Tuesdays with Dorie, Baking with Julia: Oasis Naan

I need to suck it up and buy a new camera. I swear I am making these recipes.

This week’s recipe was Oasis Naan. You can find the recipe at Always Add More Butter or Of Cabbages & King Cakes.

It was good. And fairly easy. Except the dough was sticky. Like, I used the dough scraper to try and scrape it off my hands sticky. And the scraper stuck to my hands. I’d read comments from others who had made it earlier in the week that they’d needed much more than the 5-6 cups of flour the recipe called for to get the dough to a consistency that made it manageable. I added about 1/2 cup more, then maybe another 1/4 when I was forming the rolls.

It was still sticky, so instead of perfectly round loaves, I ended up just stretching/tossing the dough like it was pizza dough, which resulted in some misshapen naan. Some had thin middles (they stretched a bit while moving from cutting board to baking sheet), so the middle turned out cracker-like, surrounded by pillowy edges. Which worked out well, because my husband likes stuff extra crispy.

The only complaint is that they were a tad salty. One tablespoon in the dough, then sprinkle 1 tablespoon among 8 before baking.

Otherwise, big hit.

TWD Baking with Julia: Hungarian Shortbread with Cranberry Jam

Apologies in advance for the crappy photos. I can’t find a replacement cord for my digital camera, so I used the photo option on my video recorder.

I hate when I watch cooking shows and the chef tastes his recipe and starts gushing about how delicious it is.

These bars turned me into what I hated. They were awesome. Sweet Butter. Sweet, creamy, one full pound of butter. Sweet, chewy, buttery, and perfectly balanced with the tartness of the cranberry jam.

It's a miracle that in the three days since I made these, I still have half a pan left.

I almost didn’t make these because I’m not a shortbread fan. I don’t like crunchy, crumbly cookies. I like my cookies soft, as in “these are as close as is safe to eating raw cookie dough without having the FDA knock down your door” soft.

But these wasn’t the shortbread I was expecting. These were more bar cookies, with two layers of buttery shortbread surrounding a homemade jam and dusted with powdered sugar. The bottom layer was soft and gooey (maybe I made it a bit too thin), and the top layer baked up crumbly enough so that it if you didn’t know better, you’d think it was a crumb topping. The recipe called for rhubarb jam, which isn’t in season up here yet and too expensive to buy at the grocery store, so I made cranberry jam instead using the oodles of frozen cranberries I had on hand.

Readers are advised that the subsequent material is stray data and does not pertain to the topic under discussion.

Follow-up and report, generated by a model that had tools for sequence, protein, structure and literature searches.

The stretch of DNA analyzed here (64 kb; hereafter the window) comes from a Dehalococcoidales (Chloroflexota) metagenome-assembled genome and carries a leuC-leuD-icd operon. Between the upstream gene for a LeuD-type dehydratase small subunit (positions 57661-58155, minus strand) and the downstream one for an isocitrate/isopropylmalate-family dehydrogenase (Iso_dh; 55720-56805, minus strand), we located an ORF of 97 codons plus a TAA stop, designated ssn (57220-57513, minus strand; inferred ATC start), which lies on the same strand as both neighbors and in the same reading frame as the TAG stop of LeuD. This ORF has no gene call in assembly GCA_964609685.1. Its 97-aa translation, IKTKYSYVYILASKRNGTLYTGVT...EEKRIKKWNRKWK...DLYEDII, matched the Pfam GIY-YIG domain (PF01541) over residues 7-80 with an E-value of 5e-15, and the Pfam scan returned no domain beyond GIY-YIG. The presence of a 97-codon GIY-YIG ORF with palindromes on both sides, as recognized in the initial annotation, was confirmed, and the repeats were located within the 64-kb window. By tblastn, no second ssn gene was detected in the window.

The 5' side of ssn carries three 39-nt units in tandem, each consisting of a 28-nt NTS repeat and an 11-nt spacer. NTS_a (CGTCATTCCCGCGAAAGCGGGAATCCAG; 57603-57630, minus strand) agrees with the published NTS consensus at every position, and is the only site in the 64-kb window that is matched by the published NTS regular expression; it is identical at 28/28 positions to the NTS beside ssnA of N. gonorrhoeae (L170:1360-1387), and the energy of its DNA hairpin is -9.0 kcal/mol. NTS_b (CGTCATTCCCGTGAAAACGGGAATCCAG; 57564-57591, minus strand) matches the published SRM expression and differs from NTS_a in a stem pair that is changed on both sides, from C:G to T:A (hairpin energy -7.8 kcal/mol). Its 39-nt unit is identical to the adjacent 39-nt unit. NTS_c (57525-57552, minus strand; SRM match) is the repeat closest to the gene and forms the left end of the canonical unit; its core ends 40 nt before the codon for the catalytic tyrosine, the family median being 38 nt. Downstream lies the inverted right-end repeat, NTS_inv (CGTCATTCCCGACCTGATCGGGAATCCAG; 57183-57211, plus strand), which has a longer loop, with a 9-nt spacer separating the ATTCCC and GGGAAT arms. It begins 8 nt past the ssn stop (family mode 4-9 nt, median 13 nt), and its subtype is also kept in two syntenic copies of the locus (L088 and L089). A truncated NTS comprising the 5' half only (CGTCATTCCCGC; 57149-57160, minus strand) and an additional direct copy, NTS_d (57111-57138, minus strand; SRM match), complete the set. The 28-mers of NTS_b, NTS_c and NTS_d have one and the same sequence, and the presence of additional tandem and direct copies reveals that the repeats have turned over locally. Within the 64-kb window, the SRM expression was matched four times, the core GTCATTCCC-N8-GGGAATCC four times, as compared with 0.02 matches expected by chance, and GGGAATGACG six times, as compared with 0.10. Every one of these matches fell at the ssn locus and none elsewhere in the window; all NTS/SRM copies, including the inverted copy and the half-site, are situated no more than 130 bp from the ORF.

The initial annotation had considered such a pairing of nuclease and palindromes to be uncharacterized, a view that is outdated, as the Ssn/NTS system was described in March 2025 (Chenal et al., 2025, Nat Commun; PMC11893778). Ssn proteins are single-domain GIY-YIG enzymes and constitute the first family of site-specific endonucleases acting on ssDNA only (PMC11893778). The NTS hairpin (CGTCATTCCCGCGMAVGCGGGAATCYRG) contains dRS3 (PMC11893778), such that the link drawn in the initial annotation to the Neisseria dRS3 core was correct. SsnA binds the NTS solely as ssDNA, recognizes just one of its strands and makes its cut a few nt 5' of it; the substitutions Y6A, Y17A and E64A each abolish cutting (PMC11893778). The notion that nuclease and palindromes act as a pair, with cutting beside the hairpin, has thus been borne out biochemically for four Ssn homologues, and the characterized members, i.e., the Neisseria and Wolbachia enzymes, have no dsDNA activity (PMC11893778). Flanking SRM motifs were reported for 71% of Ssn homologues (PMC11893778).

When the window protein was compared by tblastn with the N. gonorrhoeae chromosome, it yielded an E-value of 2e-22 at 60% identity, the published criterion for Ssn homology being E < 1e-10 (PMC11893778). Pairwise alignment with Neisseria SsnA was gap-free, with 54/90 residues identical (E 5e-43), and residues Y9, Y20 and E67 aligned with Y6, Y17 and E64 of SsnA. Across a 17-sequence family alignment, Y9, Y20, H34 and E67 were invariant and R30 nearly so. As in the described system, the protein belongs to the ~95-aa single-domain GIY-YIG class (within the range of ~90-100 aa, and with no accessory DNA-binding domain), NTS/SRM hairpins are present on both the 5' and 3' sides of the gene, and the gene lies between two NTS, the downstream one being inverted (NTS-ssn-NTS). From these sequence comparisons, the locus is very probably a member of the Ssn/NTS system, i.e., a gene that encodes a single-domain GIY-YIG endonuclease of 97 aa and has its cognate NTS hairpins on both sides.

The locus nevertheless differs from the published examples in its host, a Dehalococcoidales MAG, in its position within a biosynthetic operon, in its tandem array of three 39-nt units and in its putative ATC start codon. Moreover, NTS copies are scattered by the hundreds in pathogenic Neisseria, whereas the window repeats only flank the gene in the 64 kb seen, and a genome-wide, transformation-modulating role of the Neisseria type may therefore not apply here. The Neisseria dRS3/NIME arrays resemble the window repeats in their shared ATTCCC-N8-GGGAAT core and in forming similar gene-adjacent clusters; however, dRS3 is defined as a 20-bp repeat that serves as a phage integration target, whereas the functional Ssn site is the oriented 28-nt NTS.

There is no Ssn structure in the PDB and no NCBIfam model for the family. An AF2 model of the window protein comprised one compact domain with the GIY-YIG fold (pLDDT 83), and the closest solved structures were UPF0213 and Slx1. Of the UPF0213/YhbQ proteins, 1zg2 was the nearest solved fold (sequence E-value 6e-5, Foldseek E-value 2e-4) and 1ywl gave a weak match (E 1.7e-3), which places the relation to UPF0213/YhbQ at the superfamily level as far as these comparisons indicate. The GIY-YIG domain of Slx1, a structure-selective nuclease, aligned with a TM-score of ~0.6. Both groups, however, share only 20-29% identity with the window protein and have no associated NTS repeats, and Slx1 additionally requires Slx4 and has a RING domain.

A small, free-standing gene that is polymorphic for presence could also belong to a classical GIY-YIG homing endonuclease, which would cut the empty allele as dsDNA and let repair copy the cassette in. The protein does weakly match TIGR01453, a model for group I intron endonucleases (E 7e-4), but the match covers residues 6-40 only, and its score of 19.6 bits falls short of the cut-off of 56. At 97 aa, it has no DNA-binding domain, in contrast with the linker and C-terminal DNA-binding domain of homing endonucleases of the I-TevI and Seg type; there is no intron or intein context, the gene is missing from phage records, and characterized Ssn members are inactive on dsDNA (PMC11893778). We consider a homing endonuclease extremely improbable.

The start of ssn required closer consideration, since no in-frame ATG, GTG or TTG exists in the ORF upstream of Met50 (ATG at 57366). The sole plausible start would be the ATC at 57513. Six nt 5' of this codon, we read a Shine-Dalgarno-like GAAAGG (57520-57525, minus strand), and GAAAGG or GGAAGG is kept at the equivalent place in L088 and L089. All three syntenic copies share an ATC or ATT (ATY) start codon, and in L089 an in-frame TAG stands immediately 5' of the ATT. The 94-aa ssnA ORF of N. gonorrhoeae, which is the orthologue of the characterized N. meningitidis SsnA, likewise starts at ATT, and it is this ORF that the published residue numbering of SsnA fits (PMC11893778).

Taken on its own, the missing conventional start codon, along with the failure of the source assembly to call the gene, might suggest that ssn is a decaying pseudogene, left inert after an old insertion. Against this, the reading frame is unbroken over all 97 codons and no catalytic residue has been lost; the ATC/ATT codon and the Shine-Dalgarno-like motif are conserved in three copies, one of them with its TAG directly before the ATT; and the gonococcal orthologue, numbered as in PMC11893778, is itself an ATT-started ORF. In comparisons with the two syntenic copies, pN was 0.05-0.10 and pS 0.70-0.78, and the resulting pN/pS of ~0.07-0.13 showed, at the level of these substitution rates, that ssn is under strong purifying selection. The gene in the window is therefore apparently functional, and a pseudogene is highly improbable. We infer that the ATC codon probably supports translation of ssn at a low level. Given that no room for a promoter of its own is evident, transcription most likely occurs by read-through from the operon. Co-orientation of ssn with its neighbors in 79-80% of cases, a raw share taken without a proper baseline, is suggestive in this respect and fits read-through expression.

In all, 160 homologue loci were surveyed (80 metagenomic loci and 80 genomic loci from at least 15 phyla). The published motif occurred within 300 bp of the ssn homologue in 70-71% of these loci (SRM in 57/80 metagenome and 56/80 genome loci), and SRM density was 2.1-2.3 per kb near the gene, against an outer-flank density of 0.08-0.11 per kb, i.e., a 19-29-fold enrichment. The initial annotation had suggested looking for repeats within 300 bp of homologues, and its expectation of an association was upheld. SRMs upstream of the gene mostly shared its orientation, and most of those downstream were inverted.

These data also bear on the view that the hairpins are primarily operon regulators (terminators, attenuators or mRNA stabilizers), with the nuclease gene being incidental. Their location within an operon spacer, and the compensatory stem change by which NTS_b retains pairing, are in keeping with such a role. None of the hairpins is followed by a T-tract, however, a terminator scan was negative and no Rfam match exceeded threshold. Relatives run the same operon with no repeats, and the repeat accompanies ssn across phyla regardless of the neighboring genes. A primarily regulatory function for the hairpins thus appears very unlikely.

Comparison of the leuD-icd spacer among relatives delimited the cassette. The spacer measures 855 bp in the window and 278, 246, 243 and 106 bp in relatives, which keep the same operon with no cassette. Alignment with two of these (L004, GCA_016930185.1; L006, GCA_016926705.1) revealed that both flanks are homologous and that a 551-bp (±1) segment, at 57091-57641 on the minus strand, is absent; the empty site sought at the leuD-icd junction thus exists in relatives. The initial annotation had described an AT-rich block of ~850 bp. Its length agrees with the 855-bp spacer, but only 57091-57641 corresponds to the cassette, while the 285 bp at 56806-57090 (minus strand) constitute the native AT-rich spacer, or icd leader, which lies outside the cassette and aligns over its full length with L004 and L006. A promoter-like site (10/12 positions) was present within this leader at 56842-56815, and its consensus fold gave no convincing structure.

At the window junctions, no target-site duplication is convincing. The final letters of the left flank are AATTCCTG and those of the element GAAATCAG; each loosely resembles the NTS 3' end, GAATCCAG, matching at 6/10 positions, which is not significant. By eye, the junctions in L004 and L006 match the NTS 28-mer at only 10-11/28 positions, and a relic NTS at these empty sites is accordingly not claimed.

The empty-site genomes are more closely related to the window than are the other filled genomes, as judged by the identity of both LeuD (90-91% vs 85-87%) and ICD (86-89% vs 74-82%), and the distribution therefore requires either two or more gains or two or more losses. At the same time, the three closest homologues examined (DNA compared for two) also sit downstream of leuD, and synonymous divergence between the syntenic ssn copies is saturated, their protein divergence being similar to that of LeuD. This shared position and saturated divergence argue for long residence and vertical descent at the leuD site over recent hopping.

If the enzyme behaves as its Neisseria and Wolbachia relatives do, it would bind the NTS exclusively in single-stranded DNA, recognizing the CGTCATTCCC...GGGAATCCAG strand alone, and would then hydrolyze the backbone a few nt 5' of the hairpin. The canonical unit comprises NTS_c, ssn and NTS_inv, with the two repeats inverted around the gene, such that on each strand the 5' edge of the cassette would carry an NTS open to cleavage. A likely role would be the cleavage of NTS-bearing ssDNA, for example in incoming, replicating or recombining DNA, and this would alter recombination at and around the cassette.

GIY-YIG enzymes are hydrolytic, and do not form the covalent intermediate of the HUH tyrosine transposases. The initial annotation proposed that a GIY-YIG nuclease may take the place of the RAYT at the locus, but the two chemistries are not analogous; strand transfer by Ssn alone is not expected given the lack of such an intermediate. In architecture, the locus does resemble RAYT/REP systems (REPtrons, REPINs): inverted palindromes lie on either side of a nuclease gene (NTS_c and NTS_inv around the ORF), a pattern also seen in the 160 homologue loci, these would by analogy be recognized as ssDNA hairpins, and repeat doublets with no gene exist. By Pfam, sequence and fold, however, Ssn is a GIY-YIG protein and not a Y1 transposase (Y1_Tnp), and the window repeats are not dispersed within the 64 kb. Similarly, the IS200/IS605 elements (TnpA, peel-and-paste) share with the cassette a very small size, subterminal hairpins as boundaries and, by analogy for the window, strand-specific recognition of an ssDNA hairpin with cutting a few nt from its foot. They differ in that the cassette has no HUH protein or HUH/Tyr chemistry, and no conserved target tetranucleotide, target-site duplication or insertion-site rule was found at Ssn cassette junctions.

The shortbread was really quite easy to put together – the hardest parts were making sure the mixer didn’t spin itself off the counter trying to churn all that butter, that it didn’t dust the entire kitchen (and everybody in it) with flour when adding it to the butter mixture, and grating the dough. Yes, I said grating the dough. The recipe calls for dividing the shortbread into two equal halves, and then grating each into the pan. After one minute of grating I gave up and turned to the food processor. That simple adjustment alone has me adding this to the keeper list, but only when I have a huge party to attend and I’m guaranteed no leftovers. You definitely don’t want an entire pan of this in your home. Even if cut down into 24 small bars (think slightly larger than 2×2 inches), they are a whopping 300 calories. Deadly.

This teeny tiny serving is 299 calories. But it's like a Lays potato chip. You just can't stop at one bite

You can find the complete recipe at the sites of this weeks’ hostesses, Lynette at 1SmallKitchen and Cher at The not so exciting adventures of a dabbler.

Tuesdays with Dorie: Lemon Loaf Cake

This week’s recipe was Lemon Loaf Cake, a pound cake-type cake made lighter by the use of cake flour rather than regular all-purpose – and by lighter I mean lighter in texture, not calories. I don’t think there’s any recipe endorsed by Dorie that isn’t a diet buster; and while this one is surprisingly low in the butter category (only about 5 tablespoons), it makes up for it with eggs, heavy cream and a bunch ( 1 1/3 cups) of sugar.

If you’re looking for an easy to assemble loaf cake, this is it. If you’re looking for a loaf cake with a super punch of lemon, well sadly, this isn’t it. My favorite dessert is lemon meringue pie, so maybe I’m more of a lemon lover than most. I was expecting this cake to have loads of lemon flavor through the addition of loads of lemon juice. The recipe, though, had absolutely no lemon juice, driving it’s alleged lemon flavor from three tablespoons of lemon zest. I used dried, which is what I had on hand, and only one tablespoon of it at that, per the substituting dried for fresh rule. That could’ve played a slight role in the lack of lemony punch I was expecting, but more than several of the other bakers were disappointed in the slight lemon flavor as well, so it couldn’t have been too much of a factor. Lemon lovers must just really love lemon.

No photos again this week, as my camera cord is frayed beyond repair.

You can find the complete recipe at Treats by Truc or at Michelle’s The Beauty of Life.

Tuesdays with Dorie: Pizza Rustica

This week’s Tuesday with Dorie recipe was for Pizza Rustica, a savory filling baked into a sweet dough. Don’t think cheese, sauce and pepperoni. This was more a sauceless lasagna packed into a pie crust and topped with a decorative lattice top.

The dough was a breeze to work with – came together in less than 3 minutes in the food processor, stayed together well during rolling and moving to the pie plate, and didn’t shrink up while baking (a first for me). The filling was easy to make – ricotta, egg, prosciutto, mozzarella and Parmesan cheeses mixed together and poured in. Criss-cross applesauce, put on the lattice top.

Easy and beautiful. Too bad my camera cord decided to fray, so I can’t upload the photos.

Tastewise. . . I thought it was bland, and there was way too little prosciutto hiding among all that cheese (1 lb ricotta, 1/4 lb mozzarella to 1/4 lb of prosciutto). The prosciutto, when shredded, was barely discernible in all that filling – I couldn’t even taste it. And it desperately needed a bit more salt.